Tuesday, July 10, 2012
by Fred Warren
Melanie closed the maintenance access panel on the contoured platform that supported Hamsa El-Hashem's--Orca's--swollen body. Swathed in a black simsuit and matching helmet, the nickname was apt. He looked like a baby whale strapped to a slab in some deranged zoologist's lab, awaiting dissection. The two cyborgs keeping silent vigil at the foot of the table only reinforced the mental image. Even the air in the narrow compartment smelled faintly of formaldehyde.
She shuddered as she moved to the control console on the opposite wall and toggled the comm circuit. “All done. You now have industrial-strength surge protection between the network and your sim interface. Nothing short of a lightning bolt is gonna get through that.”
The reply was deep and raspy--and it came from the blob on the table, not the console. Orca reached out toward Melanie with one hand. “Thanks, Mouse. I hope it's enough.”
It took both of Melanie's hands to enfold his. “Enough? Weren't you listening, Hamsa? I told you, nothing short of...”
“You never saw the vids of what happened to Jumbo, did you?”
“No. I didn't. You guys said he took some electrical feedback when he cracked the firewall, and it killed him.”
“It didn't just kill him, Mouse. It cooked him. His simsuit melted into his skin.”
“Don't worry. This mod will give you enough time to bail before anything gets through.” Melanie hoped her voice carried more conviction than she was feeling now. Shells. What's hiding behind that firewall?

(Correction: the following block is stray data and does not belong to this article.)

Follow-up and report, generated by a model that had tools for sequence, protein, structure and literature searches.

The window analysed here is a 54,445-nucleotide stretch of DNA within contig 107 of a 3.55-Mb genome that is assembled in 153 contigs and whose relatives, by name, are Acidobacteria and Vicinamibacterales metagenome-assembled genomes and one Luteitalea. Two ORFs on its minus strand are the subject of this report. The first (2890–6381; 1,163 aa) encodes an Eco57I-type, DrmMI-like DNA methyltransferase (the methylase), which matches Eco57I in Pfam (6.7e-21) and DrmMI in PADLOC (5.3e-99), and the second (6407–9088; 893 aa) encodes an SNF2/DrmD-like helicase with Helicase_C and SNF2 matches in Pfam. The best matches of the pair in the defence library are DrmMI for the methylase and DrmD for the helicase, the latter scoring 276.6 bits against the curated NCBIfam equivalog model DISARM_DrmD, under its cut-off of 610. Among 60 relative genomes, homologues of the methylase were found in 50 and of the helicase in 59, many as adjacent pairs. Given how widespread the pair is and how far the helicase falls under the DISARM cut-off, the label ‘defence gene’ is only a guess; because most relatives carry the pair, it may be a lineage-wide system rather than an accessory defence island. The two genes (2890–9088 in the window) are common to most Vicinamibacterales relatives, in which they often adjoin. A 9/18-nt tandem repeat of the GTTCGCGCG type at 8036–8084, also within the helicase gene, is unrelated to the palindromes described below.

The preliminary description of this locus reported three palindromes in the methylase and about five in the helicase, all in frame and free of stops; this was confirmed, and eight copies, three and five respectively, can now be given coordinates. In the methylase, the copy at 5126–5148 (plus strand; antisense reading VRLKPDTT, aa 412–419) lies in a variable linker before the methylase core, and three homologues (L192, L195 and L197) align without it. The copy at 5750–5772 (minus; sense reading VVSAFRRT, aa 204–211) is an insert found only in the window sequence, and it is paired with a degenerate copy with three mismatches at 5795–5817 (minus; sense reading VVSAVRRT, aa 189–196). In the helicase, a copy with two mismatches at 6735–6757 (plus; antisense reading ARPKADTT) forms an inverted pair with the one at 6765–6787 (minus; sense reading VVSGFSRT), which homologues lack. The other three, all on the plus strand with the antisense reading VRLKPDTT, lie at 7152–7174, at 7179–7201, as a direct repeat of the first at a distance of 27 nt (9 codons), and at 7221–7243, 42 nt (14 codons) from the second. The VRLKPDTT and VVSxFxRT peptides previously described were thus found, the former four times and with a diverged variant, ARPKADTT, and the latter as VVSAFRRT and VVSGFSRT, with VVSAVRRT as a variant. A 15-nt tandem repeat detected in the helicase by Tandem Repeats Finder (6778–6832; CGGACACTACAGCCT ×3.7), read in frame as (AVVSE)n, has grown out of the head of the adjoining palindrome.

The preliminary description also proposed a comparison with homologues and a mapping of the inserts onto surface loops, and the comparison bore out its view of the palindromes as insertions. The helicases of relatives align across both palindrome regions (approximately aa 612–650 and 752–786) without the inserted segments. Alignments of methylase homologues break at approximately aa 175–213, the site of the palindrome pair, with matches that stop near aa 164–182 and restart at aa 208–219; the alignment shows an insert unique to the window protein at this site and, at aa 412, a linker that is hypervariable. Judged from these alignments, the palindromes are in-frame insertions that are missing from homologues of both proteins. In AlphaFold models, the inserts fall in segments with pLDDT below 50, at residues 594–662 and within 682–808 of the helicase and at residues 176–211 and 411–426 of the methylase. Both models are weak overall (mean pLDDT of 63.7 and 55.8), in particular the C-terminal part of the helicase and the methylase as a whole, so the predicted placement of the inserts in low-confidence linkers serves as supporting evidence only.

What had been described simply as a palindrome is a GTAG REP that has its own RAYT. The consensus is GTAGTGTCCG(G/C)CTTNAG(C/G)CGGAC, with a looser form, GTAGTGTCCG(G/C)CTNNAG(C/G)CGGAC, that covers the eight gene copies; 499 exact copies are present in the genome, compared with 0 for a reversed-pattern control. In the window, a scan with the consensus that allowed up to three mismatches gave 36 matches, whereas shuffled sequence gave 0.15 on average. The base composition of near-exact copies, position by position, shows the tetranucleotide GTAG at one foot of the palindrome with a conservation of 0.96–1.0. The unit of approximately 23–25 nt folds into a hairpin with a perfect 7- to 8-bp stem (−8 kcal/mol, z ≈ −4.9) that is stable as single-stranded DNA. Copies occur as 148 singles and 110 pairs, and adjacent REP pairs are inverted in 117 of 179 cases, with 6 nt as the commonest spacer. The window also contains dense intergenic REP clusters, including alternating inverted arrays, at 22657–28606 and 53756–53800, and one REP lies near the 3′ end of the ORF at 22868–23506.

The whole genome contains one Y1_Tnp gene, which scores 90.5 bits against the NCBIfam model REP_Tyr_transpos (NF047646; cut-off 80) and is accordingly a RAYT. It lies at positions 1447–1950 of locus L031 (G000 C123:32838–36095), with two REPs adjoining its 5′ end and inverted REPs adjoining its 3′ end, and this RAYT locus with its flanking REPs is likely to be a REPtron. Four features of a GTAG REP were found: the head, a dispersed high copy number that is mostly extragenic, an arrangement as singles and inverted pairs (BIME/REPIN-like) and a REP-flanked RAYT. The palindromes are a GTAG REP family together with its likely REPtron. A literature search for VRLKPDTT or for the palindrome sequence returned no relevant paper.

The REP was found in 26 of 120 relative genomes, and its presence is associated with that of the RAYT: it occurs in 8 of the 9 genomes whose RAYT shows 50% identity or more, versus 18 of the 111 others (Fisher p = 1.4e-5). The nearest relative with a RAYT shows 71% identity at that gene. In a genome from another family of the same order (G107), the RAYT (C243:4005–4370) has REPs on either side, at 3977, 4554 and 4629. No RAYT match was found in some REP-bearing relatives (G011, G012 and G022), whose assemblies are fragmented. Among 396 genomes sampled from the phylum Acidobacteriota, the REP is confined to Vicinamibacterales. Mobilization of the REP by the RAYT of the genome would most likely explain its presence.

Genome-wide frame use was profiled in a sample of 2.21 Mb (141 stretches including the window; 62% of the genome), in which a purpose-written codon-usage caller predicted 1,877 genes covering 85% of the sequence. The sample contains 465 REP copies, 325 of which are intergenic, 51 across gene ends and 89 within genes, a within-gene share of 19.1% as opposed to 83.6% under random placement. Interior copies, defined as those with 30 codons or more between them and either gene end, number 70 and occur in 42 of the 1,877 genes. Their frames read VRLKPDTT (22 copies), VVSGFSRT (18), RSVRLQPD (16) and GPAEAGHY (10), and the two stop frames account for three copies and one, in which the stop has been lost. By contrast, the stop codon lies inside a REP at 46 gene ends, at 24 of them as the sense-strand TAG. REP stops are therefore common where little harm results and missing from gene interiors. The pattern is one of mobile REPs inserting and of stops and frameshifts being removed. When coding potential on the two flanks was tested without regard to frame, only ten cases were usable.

He pulled his hand back, giving one of hers a squeeze as they separated. “You better go suit up. Rhino's getting itchy. The Folly's been hot 30 minutes now, and it's never stayed active more than an hour.”
“Keep him on a short leash until I log in. I'm on point for this op. You both promised.”
“Yeah, and we both still think you're crazy. This plan of yours better be something special.”
“It is. Count on it.” Melanie gathered up her tools and moved toward the door of Orca's apartment, taking care not to touch the cyborgs as she passed them. It was totally irrational, but they made her skin crawl.
Orca called out after her. “Hey, Mouse, how's Rhino looking? I mean, for real?”
She didn't turn around. “I don't know. Carson...wouldn't let me in. I had to pass the parts through a slot in his door and upload instructions to his Franks over the net. I'm praying they didn't screw up.”
“That's too bad, but I can understand why he wouldn't want you to see him like this. Like me.”
“Well, I don't understand. He's my brother. I don't care what he looks like. I want to hold his hand. I want to feel him breathing. For all I know, he's already dead, and I've been talking to some souped-up A.I. the past two months.”
Orca chuckled--a metallic, rattling sound. “No, you'd know the difference, Mouse. Better than anybody.”